Voice of the Dodgers Vin Scully passes away at age 94

The longtime voice of the Los Angeles Dodgers and seemingly everyone’s grandfather, Vin Scully, died on Tuesday. He was 94 years old.

This is the saddest post I’ve ever had to write.

Scully was legendary for his work in sports broadcasting, beginning with founding the FM radio station at his alma mater Fordham University. This was after serving two years in the United States Navy. He was recruited by then-Brooklyn Dodgers’ play-by-play voice Red Barber, and the rest, as they say, is history.

Vin took over for Barber in 1954 after Barber left to broadcast for the Yankees. The year before, Scully called the World Series at the age of 26, which is still the youngest person to ever do so. Scully followed the Dodgers out to Los Angeles in 1958 and would call games through the end of the 2016 season. That’s what we know and remember him best for, but he was one of the best and most recognizable voices in sports broadcasting.

He worked for CBS Sports from 1975 through 1982, and was famously on the call of “The Catch” in the ’82 NFC Championship Game.

He worked for NBC from 1983 through 1989 as the voice of the “Saturday Game of the Week.” He also called three World Series’ in that span (1984, ’86 and ’88). His words during the call of Kirk Gibson‘s Game 1 walk-off gomer will forever be burned into my memory.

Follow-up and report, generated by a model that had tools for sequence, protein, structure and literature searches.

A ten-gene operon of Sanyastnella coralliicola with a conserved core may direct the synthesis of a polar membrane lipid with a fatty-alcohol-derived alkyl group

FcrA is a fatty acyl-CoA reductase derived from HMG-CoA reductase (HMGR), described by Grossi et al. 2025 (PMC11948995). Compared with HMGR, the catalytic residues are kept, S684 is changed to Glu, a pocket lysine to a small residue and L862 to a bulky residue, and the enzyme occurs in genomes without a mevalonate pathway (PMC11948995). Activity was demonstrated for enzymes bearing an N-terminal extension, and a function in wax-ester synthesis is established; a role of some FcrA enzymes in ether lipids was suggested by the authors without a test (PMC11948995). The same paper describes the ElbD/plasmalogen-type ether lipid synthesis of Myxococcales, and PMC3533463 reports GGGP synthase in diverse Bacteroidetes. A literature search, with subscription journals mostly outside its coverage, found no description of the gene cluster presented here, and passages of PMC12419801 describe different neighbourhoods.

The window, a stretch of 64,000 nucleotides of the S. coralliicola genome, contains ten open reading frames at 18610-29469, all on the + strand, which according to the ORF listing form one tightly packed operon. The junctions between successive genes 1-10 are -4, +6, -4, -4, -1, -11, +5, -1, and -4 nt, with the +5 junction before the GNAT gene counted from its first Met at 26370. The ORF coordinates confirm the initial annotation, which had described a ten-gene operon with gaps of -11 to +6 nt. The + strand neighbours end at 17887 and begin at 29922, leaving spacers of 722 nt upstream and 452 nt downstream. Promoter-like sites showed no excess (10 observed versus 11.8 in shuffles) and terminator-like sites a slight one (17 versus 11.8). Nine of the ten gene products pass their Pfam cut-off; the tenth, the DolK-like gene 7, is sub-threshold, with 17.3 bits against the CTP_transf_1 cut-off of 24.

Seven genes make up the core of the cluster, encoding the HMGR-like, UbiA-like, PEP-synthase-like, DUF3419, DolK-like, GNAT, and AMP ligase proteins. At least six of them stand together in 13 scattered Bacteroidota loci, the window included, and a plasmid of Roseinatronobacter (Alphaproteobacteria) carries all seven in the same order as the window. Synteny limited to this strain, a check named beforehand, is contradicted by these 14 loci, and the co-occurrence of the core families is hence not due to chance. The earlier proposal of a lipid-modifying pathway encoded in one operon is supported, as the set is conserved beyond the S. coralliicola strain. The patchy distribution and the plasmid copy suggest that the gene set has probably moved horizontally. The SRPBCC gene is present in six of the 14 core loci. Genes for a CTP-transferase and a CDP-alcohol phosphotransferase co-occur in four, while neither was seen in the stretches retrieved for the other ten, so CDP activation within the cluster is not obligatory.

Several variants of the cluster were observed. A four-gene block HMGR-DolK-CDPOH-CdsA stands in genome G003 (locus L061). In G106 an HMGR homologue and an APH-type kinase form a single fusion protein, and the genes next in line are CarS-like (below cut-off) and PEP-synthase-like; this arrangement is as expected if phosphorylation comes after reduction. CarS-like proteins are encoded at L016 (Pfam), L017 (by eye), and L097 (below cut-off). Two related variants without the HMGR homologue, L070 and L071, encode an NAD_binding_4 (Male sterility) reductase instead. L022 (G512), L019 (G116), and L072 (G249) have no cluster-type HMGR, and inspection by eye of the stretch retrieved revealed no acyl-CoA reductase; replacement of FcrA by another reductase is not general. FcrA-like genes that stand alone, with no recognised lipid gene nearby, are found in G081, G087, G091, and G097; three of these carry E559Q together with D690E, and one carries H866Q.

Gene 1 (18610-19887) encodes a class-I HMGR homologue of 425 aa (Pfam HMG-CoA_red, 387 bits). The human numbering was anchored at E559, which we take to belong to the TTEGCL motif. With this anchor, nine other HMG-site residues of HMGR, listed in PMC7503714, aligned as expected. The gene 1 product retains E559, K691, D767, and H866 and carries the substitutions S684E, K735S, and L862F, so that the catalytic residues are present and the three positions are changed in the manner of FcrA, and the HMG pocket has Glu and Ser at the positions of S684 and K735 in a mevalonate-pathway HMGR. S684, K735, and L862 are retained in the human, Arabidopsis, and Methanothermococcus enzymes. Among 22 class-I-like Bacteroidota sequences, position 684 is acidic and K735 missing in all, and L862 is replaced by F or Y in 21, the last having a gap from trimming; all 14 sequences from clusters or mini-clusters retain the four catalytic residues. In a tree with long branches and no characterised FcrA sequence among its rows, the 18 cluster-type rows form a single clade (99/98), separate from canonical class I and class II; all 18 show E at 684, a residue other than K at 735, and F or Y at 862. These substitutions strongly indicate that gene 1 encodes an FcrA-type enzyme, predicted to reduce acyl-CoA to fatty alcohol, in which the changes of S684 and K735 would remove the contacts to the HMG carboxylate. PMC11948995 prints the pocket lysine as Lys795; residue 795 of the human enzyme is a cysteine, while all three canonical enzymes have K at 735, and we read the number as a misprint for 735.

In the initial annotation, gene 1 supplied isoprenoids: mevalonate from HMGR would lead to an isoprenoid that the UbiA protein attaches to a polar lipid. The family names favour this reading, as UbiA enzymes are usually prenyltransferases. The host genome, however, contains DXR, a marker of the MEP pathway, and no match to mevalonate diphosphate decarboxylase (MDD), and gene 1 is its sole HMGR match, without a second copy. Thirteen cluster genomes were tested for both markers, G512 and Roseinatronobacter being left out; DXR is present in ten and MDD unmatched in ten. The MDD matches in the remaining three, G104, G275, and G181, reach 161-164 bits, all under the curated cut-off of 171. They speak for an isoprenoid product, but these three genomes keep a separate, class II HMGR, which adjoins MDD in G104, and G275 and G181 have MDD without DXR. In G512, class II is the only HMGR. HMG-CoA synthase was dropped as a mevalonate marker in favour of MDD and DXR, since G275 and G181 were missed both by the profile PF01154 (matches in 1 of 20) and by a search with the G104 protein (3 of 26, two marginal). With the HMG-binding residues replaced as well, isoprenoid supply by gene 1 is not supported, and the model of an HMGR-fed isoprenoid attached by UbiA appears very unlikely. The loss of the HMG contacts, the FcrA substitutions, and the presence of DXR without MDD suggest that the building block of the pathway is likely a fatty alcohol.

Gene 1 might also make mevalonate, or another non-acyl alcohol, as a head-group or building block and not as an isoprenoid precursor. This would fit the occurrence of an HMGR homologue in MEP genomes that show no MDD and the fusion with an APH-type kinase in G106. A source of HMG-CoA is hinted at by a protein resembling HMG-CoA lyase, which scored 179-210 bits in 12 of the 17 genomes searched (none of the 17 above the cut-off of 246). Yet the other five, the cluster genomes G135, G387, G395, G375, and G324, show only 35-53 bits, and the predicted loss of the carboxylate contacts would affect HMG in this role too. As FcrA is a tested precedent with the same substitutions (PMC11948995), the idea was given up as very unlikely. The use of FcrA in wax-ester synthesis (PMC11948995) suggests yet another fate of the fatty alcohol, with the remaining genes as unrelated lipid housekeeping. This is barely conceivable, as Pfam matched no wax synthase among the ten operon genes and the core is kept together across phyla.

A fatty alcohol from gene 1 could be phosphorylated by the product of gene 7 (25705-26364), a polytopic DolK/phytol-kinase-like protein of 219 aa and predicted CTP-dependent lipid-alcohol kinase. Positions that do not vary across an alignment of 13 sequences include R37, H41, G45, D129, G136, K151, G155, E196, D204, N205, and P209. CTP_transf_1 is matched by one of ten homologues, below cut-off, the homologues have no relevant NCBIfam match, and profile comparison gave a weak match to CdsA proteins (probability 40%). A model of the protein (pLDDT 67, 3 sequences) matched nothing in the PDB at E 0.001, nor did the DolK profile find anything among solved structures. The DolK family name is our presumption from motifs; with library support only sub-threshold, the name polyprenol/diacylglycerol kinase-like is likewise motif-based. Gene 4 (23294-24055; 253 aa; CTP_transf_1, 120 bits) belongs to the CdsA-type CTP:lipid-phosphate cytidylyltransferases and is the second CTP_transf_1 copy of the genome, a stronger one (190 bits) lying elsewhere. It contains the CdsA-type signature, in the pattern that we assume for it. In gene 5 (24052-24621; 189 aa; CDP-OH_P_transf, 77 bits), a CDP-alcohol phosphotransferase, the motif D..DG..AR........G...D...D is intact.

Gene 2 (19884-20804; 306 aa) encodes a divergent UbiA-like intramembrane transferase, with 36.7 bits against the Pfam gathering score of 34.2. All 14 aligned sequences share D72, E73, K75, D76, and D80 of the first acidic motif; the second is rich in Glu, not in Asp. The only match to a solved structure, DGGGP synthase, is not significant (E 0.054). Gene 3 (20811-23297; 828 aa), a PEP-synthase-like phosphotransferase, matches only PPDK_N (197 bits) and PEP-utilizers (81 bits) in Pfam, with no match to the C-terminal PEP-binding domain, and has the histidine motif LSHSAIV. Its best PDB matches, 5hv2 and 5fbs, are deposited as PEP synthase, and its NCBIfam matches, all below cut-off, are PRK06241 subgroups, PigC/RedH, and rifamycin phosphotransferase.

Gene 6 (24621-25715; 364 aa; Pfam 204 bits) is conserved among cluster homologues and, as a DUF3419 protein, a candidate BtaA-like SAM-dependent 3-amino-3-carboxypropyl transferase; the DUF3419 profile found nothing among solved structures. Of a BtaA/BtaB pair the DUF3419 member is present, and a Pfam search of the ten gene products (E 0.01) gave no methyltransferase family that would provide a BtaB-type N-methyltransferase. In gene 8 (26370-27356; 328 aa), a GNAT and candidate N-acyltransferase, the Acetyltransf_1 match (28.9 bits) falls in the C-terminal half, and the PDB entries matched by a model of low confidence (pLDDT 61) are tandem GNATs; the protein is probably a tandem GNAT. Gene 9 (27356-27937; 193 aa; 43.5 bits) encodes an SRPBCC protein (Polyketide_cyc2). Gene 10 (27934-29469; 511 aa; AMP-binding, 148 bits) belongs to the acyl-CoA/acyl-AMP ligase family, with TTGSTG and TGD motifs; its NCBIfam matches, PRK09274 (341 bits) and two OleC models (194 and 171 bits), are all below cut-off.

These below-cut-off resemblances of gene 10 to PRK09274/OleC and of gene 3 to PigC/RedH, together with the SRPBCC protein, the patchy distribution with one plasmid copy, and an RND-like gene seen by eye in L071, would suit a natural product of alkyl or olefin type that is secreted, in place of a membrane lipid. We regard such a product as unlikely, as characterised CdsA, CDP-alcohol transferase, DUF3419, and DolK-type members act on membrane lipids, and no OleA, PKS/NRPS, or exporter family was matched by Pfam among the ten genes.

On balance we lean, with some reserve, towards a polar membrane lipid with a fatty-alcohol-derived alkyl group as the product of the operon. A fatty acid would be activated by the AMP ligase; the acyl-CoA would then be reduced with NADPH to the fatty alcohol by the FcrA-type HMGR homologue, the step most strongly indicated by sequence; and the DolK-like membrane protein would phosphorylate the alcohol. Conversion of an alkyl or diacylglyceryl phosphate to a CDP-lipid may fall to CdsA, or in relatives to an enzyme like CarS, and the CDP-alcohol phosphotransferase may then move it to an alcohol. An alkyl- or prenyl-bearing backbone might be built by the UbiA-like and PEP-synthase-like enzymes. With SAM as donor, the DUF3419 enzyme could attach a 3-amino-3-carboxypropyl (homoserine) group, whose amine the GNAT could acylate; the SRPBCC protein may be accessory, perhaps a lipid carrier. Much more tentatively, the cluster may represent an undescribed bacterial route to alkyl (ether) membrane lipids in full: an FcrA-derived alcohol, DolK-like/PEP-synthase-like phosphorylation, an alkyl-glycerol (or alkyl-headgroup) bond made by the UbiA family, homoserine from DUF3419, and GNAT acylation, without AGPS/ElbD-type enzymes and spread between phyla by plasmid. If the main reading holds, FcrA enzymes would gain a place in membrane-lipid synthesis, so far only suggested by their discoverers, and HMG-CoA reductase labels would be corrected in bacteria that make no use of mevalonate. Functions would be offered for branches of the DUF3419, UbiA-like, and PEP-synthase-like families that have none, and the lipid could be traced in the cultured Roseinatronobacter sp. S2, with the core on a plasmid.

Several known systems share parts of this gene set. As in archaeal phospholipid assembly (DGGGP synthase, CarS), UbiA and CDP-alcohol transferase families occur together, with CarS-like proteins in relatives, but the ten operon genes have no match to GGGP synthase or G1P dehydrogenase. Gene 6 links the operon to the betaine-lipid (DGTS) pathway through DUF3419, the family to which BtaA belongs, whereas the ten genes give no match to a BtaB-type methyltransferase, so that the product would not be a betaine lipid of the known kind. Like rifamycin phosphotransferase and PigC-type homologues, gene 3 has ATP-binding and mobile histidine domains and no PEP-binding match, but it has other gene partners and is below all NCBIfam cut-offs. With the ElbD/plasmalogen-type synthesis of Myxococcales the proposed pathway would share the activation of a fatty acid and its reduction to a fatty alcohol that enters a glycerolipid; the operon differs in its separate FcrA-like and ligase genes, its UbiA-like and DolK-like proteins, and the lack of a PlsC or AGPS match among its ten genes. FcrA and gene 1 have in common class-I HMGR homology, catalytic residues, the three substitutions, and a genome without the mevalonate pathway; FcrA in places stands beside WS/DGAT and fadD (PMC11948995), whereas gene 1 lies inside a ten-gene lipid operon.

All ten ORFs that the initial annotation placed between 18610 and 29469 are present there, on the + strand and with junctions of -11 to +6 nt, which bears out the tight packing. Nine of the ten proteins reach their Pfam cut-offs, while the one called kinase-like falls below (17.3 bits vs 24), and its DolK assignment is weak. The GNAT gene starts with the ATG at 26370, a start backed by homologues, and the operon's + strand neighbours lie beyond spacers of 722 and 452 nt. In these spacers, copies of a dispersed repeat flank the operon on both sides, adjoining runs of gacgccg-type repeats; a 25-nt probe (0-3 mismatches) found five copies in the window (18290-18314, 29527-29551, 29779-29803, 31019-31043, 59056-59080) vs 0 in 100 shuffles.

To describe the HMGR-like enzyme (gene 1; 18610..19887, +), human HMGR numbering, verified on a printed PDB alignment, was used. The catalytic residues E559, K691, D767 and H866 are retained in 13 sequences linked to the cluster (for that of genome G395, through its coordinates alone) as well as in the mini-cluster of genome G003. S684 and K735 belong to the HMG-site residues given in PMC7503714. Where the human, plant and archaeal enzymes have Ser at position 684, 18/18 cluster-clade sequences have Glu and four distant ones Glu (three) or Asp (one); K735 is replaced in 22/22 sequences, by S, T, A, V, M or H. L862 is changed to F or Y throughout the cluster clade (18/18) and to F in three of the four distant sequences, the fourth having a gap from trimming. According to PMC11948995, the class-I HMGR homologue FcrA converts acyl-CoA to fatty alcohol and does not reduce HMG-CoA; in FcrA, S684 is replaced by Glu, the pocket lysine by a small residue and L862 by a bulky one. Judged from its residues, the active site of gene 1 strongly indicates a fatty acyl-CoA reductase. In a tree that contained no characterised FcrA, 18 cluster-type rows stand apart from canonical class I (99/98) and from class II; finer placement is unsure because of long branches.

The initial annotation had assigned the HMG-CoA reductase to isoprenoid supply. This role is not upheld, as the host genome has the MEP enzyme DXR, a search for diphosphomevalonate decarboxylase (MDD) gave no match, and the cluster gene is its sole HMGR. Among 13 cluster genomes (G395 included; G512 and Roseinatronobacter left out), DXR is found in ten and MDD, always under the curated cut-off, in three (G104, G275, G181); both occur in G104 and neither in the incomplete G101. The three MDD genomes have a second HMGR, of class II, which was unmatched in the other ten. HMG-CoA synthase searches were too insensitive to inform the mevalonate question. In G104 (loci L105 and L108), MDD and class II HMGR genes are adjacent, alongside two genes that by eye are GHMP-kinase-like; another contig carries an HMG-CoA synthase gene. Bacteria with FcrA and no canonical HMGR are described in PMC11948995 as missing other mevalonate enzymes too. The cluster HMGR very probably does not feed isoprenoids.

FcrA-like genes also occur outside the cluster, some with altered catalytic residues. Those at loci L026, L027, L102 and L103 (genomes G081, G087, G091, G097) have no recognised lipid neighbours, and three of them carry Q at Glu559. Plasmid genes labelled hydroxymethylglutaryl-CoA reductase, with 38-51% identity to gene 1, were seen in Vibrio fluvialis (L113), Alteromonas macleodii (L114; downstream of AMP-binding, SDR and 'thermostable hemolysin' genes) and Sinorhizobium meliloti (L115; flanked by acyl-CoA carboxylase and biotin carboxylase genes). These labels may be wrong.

“High fly ball to right field. She. Is. Gone!”

(1-minute pause)

“In a year that has been so improbable, the impossible has happened!”

That’s something Vin did better than anyone. He let the crowd noise tell the story. On TV, it’s pretty easy to do so, but it also has a significant impact when listening on the radio. He was the master of that skill.

Scully won the Ford Frick Award from the National Baseball Hall of Fame in 1982 and was inducted into the National Radio Hall of Fame in 1995.

What he’ll most be remembered for were his stories. Vin had stories like no other. He did his homework to be made aware of said stories — anyone could have done that, honestly. The way he told the stories was unlike anyone else. You’d almost forget there was a baseball game happening the way Vin told stories.

Scully lost his wife of 48 years, Sandra, on Jan. 3, 2021, from amyotrophic lateral sclerosis – more commonly known as Lou Gehrig’s disease.

There will never be another like him. And he will be sorely, sorely missed. Vin is survived by his four children, two stepchildren, 21 grandchildren and six great-grandchildren.

Rest in peace, Vin. You will never be forgotten. Thank you for everything.

About Dustin Nosler

Dustin Nosler began writing about the Dodgers in July 2009 at his blog, Feelin' Kinda Blue. He co-hosted a weekly podcast with Jared Massey called Dugout Blues. He was a contributor/editor at The Hardball Times and True Blue LA. He graduated from California State University, Sacramento, with his bachelor’s degree in journalism and a minor in digital media. While at CSUS, he worked for the student-run newspaper The State Hornet for three years, culminating with a 1-year term as editor-in-chief. He resides in Stockton, Calif.